If you’re driving at dawn or at dusk in the countryside at this time of year, you might well see shady-looking men standing around in a stubble field, their 4x4s parked close by and ‘long’ dogs — greyhound types — straining on the lead beside them.
Watch and you’ll see them walk up the field, or along the edges, until a hare makes a bolt for it. The men are ready. This is what they’re there for. A dog is let off the lead, and someone with a phone videos the scene.
Some of Venice’s problems are well known: the challenge of conserving her famous buildings, the dangers of poorly managed mass tourism — not to mention the fact that the city might well simply drown, a threat made all the more obvious by last week’s floods, the worst in 50 years. Since 1987 billions have been spent on the Mose project, a still unfinished and controversial system of underwater dams intended to protect the city from flooding.
Is Iceland on the global warming front line? You’d be forgiven for thinking so. We’ve all seen the documentaries where teary-eyed reporters stand perilously close to melting glaciers. In August, a funeral was even held for the first Icelandic glacier ‘lost to climate change’. Foreign dignitaries now hardly visit my country without taking a trip to witness the ‘horror’ of what is unfolding. They return home telling stories of how they have seen for themselves the effects of climate change.
Poetry is on a hot streak. Last year, sales in the UK topped £12 million for the first time — a rise of more than 10 per cent for the second year running. According to Parisa Ebrahimi, the poetry editor at Chatto & Windus, one reason for the trend is that poetry is no longer the domain of the white male. This may be true, but how has it happened? Part of the answer is Instagram.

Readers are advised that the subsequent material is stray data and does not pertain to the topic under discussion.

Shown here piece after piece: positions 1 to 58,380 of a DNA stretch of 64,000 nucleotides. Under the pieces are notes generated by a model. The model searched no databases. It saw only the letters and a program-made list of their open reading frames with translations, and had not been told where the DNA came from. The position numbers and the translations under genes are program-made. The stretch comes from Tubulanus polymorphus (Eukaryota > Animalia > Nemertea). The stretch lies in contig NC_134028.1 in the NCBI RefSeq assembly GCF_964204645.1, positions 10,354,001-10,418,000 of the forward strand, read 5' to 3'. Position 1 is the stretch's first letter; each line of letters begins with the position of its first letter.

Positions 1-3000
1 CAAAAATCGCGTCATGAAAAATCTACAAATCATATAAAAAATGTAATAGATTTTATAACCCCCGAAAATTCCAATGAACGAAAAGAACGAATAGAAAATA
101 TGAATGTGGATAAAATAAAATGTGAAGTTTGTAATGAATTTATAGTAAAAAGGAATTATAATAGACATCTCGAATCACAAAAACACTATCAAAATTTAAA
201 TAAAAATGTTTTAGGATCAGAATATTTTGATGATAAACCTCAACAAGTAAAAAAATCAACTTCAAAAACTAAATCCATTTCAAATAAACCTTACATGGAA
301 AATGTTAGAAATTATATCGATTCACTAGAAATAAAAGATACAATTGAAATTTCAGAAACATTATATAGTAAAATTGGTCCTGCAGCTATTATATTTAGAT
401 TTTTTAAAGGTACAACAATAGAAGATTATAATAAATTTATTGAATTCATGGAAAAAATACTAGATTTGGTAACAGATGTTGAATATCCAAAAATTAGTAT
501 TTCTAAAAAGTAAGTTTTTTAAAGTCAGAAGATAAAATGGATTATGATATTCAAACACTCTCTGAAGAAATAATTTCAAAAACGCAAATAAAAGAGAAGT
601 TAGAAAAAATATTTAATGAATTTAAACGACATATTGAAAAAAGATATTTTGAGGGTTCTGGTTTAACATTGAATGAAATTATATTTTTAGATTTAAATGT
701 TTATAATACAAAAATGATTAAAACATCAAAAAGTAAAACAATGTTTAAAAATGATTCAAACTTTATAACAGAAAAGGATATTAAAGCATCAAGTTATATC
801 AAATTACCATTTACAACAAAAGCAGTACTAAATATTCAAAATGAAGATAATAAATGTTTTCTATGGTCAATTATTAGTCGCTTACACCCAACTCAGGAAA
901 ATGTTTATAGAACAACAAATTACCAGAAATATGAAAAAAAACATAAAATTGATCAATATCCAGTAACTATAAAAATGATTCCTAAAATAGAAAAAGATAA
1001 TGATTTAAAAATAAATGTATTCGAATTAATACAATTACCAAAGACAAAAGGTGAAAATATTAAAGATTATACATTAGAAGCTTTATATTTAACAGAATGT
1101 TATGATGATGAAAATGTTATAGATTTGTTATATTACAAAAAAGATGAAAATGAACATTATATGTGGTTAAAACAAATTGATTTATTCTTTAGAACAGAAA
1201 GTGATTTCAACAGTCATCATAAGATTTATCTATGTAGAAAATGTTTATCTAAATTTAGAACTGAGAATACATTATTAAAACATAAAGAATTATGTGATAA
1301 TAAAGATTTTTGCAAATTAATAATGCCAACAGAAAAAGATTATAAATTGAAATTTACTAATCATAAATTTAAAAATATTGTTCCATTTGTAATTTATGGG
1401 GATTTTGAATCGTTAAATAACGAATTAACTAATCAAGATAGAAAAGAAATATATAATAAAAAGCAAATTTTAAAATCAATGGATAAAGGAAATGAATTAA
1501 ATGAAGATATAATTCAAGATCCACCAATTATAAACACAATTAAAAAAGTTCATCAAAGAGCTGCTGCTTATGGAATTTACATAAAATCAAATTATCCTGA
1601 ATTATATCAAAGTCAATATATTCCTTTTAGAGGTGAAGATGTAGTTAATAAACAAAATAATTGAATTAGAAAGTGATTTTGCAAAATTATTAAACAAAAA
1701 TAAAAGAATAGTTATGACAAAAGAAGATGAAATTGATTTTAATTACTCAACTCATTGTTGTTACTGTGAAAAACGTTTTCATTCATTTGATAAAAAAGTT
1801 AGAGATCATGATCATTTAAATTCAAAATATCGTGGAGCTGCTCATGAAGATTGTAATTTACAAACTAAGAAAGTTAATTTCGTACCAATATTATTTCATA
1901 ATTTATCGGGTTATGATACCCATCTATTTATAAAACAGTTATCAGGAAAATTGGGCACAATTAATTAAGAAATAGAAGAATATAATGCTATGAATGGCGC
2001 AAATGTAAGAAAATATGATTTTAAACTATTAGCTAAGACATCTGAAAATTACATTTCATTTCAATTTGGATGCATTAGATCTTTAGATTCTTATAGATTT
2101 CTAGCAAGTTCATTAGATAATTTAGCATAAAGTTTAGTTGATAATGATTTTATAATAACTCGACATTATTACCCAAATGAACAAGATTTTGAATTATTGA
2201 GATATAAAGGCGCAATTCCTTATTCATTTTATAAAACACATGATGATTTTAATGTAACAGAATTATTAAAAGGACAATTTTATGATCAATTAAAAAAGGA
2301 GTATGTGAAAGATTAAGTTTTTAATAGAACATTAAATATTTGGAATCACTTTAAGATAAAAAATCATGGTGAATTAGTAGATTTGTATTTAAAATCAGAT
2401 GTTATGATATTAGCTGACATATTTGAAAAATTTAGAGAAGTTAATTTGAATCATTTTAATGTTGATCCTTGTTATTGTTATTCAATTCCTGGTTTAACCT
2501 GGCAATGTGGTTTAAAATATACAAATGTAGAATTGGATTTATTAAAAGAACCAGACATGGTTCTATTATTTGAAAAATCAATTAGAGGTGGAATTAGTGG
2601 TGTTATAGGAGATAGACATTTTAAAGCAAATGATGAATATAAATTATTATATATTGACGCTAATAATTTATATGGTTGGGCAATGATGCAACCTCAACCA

Designed as a social network for sharing photos, recently the app has been adopted and adapted by writers — few of them white, many of them women — who, rather than selfies and sunsets, post snippets of verse known as ‘Instapoetry’.
I have enough self-awareness to know that the public are unlikely to care too much about a spat between a multi-millionaire ‘PR guru’ and what someone called a cabal of washed-up spin doctors. But I also know that millions and millions care about Brexit, and the fight for a Final Say referendum — which is why the spat matters.
The multi-millionaire ‘PR guru’ is Finsbury boss Roland Rudd, brother of the former cabinet minister Amber.
Ever since the referendum, the two strongest political forces in Britain have been Leave and Remain. Loyalty to political parties has faded, but feelings about the referendum result are almost stronger now than they were on 23 June 2016. For Remainers, these are tense times: for years, there has been the hope of a second referendum and stopping Brexit. But if the Tories win a majority next month, then the UK will leave the European Union on 31 January and our future relationship with the EU will be negotiated by the man who led the Leave campaign.
It’s late afternoon in the car park of Workington Asda. A little crowd is gathering in one corner, most of them clutching cameras and tripods. We’re not here to find ‘Workington Man’, the supposed archetypal voter who apparently all the parties need to court to win this election. Instead, Workington men and women — and a number of us from all over Cumbria — are here to watch a bunch of birds going to bed.